TALES FROM THE SEA. This lovely hardback compilation of fairy tales and legends from a variety of different countries doesn’t list an editor, only an illustrator (Maggie Chiang). While a few of the contents slightly stretch the definition of “sea stories,” all are entertaining, especially for readers intrigued by different styles of storytelling in different regions of the world. All the selections are in the public domain, with their original publications listed in the back of the book. Stories come from China, Japan, Norway, Iceland, Hawaii, New Zealand, Armenia, Russia, Ghana, Korea, and the Philippines, among others. The cautionary narrative of the fisherman and his greedy wife will be familiar to most readers from the Grimm brothers’ tales. The only other piece already known to me was the Japanese legend of the fisher lad Urashima Taro, whose sojourn under the ocean seems like a few days to him but spans centuries in the real world, as in many tales of human beings spirited away to faerie realms. Anyone interested in folklore from multicultural sources would enjoy this book.

*****

Excerpt from “Crossing the Border”:

“Why haven’t you answered any of my messages? I’m not lying, crazy, or putting you on. The stars are coming right soon. The danger’s real, and I can help. My number is—”

Paula deleted the voice mail without bothering to listen to the rest. Why wouldn’t that nutcase take the hint and leave her alone? It’s time to call Doug. I’ve put this off too long already.

She shook her head in irritation at the way her hand trembled as she picked up the phone. Her pulse accelerated when she punched the speed-dial number for Douglas MacNair, her late husband’s agent. Why would the prospect of talking to Doug make her breath quicken and her stomach flutter? She’d seen and spoken to him often enough in the year since Kyle’s death. Doug is just a friend. Always was, always will be. A close enough friend that he wouldn’t mind getting a call at home at nine in the evening.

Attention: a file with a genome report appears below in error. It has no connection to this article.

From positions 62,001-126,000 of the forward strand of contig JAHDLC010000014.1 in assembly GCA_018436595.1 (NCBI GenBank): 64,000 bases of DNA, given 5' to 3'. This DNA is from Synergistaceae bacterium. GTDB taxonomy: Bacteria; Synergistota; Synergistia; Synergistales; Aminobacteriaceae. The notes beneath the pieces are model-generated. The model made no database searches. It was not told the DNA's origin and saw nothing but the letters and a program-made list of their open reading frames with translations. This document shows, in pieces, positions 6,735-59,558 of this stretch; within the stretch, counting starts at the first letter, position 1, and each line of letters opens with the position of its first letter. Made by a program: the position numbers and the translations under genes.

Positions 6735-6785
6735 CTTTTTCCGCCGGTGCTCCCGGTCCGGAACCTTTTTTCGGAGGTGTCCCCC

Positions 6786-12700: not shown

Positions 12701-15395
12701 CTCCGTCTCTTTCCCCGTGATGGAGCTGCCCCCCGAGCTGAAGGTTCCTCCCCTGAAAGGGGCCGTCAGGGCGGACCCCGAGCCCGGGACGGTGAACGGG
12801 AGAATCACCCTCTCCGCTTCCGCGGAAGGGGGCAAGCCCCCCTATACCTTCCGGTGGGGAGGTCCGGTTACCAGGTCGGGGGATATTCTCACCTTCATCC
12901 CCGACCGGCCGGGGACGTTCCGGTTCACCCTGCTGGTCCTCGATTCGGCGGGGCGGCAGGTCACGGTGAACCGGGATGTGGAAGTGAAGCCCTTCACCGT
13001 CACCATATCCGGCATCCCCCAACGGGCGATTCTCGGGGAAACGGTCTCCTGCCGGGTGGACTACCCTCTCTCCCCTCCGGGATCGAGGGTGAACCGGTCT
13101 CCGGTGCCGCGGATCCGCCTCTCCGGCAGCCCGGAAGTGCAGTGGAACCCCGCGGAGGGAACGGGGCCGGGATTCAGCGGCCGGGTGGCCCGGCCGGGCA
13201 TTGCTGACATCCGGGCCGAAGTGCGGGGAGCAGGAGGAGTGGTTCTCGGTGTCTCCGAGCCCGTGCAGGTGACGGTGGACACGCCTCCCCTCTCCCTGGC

When he answered, his bass voice flowed through her like molten honey. She’d often thought he should have become a singer or actor instead of a literary agent, with that voice. “It’s always great to hear from you, Paula, but what’s wrong?”

Damn, do I sound that shaken up? She swallowed and drew a deep breath to steady herself. “What makes you think anything’s wrong?”

“Come on, as if I didn’t know you well enough to hear it in your voice.” She imagined him lounging in the overstuffed chair by the window in the living room of his New York high-rise condo, doodling on a notepad the way he always did during conversations. “Besides, if this were some routine thing, you’d call in the daytime or send an email.”

“I’ve decided it’s time to go through Kyle’s unpublished stuff. How soon can you make it down here?”

“And this was too urgent for email? Let’s hear it—what brought on this decision all of a sudden, after I’ve been trying to talk you into it for the past six months?”

She twisted a lock of hair around an index finger the way Kyle had found so annoying. She almost stopped, then mentally snapped at herself, Kyle isn’t here. “There’s a guy who’s been bugging me with emails and phone messages. He’s got some kind of bat in his belfry about that unpublished novel Kyle posted excerpts from.”

Tension hardened Doug’s tone. “How long has this been going on?”

“Well…since the week after Kyle died.”

“And you didn’t say a word to me about it.” He sounded halfway between angry and hurt. “What am I here for anyway, if not to help with problems like that?”

“It wasn’t worth bothering you with. Not until he started phoning instead of just emailing. I decided the message he left a minute ago was the last straw. He keeps babbling about some kind of danger.”

A long sigh gusted over the phone. “Okay, who is this person?”

“Somebody named Gary Furness. He edits a webzine called Scribes of Darkness.”

“Sure, I know it. Won a couple of awards. He interviewed Kyle once. He didn’t seem crazier than anybody else in the field.”

“Yeah, that’s him. He must have tipped over the edge after that. We met him at a horror con the month before Kyle died. Furness trailed us around the hotel, harassing Kyle with his obsession over that unpubbed novel.” She had a vivid mental image of a weedy young man with rapid-fire speech, who wore his brown hair tied back in a ponytail.